Bourgeois Nerd

So what's the alternative to inflation?

Andrei Kirilyuk

Nobel Deflation

Let's hope that somebody somewhere is still trying indeed to maintain scientific standards, as asserted by incorrigible scientific optimist John Horgan, but the problem is that those standards inevitably shrink today due to real science development, and it is objectively impossible to maintain something naturally disappearing. Scientific standards cannot be separated from scientific discoveries (because they ARE the standards of discovery), and if there is practically no big, “genuine” discoveries any more, then no “superior” committee or source of money can be able to “raise”, or even uphold, thus deflating structure properties.

The sad evolution of Nobel-Prize works is a well-known and well established tendency today, with the very last Prize in physics providing indeed a characteristic case of “technically strong”, but scientifically, conceptually “neutral” (at best) result. This is not the first Prize of that kind directly violating the letter and spirit of Alfred Nobel's will and appearing as but the “least possible loss” in the absence of “true” discoveries Nobel was fascinated with at the beginning of 20th century. Indeed, giving a Nobel Prize to such a work as COBE satellite project is the same as giving it to NASA (and other participating institutions) whose many engineers did realise the vehicles and devices used for obtaining the detailed microwave radiation data. This kind of achievement, while being prominent by itself, is quite different from what is meant in the Nobel Prize idea. But in the established total absence of desired “conceptual” discoveries, the Nobel Committee making such a choice (actually guided by the whole “world scientific elite”) is not risking at least to appear later totally wrong as it could well be the case with any pseudo-scientific, purely abstract guess of official, “mathematical” physics, such as inflation theory. John Horgan is right, it is here, at the moment of that singular, closely watched decision on the Nobel Prize that the top priests of modern science show that in reality they know very well that all their “inflations”, “M-theories”, and “spin networks” is a complete rubbish, if not evident fraud, while the same people do not miss superior definitions when they describe the same “theories” in “ordinary”, professional or public presentations, in order to get financial support, maintain their “status”, etc.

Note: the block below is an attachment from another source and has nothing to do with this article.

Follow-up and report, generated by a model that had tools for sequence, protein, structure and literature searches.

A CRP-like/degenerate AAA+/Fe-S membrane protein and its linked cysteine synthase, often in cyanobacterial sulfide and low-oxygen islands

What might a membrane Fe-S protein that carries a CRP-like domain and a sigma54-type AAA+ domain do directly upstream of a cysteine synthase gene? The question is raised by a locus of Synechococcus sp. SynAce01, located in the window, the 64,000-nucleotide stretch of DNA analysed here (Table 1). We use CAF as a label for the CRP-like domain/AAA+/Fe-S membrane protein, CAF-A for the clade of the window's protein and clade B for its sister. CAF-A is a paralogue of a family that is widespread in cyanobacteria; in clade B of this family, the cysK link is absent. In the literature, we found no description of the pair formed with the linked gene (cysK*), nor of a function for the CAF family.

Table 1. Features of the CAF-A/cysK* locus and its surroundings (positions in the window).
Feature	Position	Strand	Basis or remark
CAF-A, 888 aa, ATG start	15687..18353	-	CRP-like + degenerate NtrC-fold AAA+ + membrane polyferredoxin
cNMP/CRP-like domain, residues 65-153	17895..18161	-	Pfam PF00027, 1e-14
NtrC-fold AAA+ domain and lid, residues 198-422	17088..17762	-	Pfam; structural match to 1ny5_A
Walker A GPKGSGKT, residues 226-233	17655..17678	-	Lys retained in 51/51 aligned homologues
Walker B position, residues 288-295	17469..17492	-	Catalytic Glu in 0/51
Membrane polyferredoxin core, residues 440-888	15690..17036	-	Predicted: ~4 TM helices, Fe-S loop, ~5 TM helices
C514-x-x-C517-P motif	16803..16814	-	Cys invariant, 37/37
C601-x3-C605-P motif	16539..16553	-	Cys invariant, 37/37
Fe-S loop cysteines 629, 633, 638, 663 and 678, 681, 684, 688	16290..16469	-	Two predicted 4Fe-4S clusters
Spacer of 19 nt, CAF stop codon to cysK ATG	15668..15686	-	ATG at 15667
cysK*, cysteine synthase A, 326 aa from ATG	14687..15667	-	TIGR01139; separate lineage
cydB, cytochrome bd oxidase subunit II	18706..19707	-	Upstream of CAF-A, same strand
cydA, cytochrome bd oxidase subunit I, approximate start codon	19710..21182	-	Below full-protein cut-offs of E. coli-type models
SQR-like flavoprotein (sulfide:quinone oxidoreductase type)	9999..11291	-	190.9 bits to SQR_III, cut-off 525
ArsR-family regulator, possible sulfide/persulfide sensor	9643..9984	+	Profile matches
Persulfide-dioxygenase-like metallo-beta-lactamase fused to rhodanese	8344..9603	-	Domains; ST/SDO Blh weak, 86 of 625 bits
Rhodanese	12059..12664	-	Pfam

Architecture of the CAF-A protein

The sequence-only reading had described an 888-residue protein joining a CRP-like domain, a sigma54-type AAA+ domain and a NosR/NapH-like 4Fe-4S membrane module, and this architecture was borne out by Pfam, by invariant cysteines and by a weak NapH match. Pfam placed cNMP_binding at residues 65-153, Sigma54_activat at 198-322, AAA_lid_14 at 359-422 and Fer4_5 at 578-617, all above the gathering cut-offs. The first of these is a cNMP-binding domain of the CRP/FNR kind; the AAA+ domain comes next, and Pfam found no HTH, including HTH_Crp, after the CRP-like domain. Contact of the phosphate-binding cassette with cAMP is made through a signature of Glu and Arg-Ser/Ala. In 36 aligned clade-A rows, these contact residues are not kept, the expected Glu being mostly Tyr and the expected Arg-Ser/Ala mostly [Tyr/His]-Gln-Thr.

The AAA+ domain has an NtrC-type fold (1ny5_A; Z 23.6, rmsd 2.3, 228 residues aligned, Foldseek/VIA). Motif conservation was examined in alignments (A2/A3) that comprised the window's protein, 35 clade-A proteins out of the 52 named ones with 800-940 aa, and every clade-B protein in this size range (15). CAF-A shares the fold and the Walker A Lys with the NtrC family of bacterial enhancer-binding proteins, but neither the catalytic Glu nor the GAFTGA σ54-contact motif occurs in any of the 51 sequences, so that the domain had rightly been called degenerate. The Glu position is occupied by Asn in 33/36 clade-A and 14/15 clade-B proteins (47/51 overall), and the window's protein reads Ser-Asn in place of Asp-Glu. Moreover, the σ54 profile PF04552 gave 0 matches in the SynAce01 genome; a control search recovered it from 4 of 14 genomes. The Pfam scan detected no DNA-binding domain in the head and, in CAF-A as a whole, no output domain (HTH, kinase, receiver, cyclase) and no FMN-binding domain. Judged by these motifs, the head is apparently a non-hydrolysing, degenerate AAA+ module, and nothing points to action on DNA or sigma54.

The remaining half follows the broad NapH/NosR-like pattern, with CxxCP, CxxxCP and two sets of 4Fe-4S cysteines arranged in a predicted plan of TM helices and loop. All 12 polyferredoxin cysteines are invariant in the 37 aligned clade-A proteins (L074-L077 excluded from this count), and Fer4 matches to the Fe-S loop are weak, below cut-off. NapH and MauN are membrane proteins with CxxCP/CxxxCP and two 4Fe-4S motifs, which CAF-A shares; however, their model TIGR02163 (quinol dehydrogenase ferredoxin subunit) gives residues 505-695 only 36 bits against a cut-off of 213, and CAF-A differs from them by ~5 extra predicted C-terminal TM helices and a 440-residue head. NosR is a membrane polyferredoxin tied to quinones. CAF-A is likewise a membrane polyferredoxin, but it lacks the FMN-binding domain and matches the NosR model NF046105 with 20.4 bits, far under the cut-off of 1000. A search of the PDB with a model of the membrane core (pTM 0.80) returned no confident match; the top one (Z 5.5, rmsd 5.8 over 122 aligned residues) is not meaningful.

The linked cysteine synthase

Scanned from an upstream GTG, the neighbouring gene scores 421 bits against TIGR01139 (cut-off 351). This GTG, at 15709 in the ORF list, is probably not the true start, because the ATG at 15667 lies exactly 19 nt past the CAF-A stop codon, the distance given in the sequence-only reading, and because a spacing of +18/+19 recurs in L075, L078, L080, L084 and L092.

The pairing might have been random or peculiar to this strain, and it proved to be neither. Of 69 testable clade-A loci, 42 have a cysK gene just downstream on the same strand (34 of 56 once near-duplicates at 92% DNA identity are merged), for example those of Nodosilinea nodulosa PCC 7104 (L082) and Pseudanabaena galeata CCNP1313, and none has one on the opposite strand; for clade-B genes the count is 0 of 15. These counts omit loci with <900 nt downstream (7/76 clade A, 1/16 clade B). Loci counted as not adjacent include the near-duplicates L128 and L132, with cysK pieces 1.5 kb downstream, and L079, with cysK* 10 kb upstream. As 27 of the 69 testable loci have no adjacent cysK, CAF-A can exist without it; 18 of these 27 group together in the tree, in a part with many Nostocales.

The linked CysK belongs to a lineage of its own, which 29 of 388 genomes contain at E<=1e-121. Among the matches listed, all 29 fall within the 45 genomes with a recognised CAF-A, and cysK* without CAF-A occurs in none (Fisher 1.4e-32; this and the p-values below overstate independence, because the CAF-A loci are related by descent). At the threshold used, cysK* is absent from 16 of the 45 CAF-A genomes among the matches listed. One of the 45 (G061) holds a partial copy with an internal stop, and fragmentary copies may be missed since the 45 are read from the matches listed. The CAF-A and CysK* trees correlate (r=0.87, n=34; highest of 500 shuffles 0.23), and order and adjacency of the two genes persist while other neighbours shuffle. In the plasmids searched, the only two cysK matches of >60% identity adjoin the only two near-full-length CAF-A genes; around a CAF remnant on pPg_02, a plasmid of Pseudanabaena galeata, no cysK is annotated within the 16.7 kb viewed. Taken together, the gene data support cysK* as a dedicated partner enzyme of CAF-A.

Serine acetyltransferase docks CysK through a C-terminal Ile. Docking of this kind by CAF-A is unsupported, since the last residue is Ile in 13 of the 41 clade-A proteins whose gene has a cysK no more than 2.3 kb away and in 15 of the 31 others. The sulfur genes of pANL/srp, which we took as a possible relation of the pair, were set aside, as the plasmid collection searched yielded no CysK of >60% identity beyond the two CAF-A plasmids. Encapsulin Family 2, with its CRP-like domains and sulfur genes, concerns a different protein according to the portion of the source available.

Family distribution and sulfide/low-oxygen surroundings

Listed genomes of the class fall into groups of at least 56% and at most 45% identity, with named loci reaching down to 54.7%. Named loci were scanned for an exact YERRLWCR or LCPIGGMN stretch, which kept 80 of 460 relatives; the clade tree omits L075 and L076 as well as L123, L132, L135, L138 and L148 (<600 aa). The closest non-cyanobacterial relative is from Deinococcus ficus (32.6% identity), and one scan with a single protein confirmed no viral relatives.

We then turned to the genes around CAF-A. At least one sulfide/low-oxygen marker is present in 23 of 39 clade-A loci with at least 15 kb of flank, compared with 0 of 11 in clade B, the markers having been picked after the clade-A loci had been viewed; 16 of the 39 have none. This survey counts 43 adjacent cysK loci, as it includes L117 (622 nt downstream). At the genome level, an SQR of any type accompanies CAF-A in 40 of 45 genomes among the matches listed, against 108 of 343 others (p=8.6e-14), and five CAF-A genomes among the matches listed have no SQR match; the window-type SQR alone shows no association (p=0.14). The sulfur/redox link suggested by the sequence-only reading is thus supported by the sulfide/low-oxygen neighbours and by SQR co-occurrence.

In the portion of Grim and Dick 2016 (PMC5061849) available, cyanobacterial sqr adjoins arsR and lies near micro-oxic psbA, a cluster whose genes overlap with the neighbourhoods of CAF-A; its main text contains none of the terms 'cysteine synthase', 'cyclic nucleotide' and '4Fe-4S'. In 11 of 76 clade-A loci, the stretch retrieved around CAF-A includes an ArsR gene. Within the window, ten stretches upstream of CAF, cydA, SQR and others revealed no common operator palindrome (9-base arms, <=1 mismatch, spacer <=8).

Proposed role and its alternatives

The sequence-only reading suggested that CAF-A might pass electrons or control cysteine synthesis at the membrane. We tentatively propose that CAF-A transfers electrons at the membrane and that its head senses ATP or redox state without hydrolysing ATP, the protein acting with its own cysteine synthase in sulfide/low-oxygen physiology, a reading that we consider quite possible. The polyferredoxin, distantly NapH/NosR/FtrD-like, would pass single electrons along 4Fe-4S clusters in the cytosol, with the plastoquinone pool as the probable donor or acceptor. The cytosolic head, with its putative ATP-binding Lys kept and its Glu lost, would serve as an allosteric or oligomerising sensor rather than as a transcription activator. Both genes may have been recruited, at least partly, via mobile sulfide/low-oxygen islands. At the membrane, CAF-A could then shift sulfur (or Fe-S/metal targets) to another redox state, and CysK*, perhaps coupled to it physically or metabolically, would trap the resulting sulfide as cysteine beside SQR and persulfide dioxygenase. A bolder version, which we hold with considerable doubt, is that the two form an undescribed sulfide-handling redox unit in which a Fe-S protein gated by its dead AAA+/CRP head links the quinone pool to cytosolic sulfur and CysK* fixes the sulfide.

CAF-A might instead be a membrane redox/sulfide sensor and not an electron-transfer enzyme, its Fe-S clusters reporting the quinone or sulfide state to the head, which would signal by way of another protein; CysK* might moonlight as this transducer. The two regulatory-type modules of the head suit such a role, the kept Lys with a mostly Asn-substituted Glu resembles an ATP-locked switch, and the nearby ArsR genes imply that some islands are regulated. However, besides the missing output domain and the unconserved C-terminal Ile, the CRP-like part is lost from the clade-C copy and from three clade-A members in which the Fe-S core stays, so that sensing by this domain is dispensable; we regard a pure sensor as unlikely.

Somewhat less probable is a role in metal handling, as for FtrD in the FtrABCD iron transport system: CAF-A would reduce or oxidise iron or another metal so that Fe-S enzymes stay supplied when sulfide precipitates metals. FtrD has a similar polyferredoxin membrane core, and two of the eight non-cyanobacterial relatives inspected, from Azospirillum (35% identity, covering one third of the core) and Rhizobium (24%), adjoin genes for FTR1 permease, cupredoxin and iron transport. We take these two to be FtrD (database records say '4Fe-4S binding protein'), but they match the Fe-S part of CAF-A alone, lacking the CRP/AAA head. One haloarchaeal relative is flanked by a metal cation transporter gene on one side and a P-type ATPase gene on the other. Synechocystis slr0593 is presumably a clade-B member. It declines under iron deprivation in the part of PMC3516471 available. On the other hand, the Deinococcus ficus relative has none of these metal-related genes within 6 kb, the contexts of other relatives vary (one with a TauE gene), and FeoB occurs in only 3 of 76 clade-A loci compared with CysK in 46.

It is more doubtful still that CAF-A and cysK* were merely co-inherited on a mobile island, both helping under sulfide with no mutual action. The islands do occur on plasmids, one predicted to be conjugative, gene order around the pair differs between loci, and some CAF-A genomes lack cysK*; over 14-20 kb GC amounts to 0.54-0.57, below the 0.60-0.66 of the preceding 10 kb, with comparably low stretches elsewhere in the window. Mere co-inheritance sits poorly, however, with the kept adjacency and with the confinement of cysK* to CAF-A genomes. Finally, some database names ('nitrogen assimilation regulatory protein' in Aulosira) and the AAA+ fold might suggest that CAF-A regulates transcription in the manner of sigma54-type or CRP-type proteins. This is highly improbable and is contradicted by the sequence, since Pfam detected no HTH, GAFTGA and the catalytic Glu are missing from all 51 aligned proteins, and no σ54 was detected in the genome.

Scientifically, there is a big problem with the outcome of the decorated measurements. It is related to the fact that today not only particularly “spooky” inflation theory but the whole conventional cosmology, with its major underlying dogma of physically expanding universe (Big Bang), quickly collapses as a house of cards (see e.g. ). It becomes evident, in particular, that a microwave background is not specific to the Big Bang cosmology, but is a general, inevitable, “thermodynamic” filling of “empty” space in a universe containing interacting matter and radiation. Attributing very small fluctuations of that generic radiation field to very special details of very special (and now apparently wrong) cosmological “model” is at least a very risky enterprise (of a billion-order cost!). Fortunately, however, the measurement results themselves will remain correct as such (with the hope that there were no technical mistakes), and that is the evident idea of this year Nobel Prize in physics. But their value, even potential one, appears to be far from any genuine DIScovery (like disclosure): there should always be some radiation background in any matter-filled universe with “reasonable” parameters and reasonable fluctuations, there is nothing so special or revealing in those details. By contrast, the necessity to stick to such kind of results even at THAT level of science ambitions reveals just another manifestation of the End of Science. In fact, THIS is the greatest discovery of our time, especially evident in physics, with the naturally emerging proposition to give the next Nobel Prize in physics to John Horgan, for the discovery (this time indeed a real, exciting, unexpected to many, though maybe “sad” discovery!) of the end of current scientific paradigm in the whole. And if ever they do, John, I count on a box of good Californian wine from you!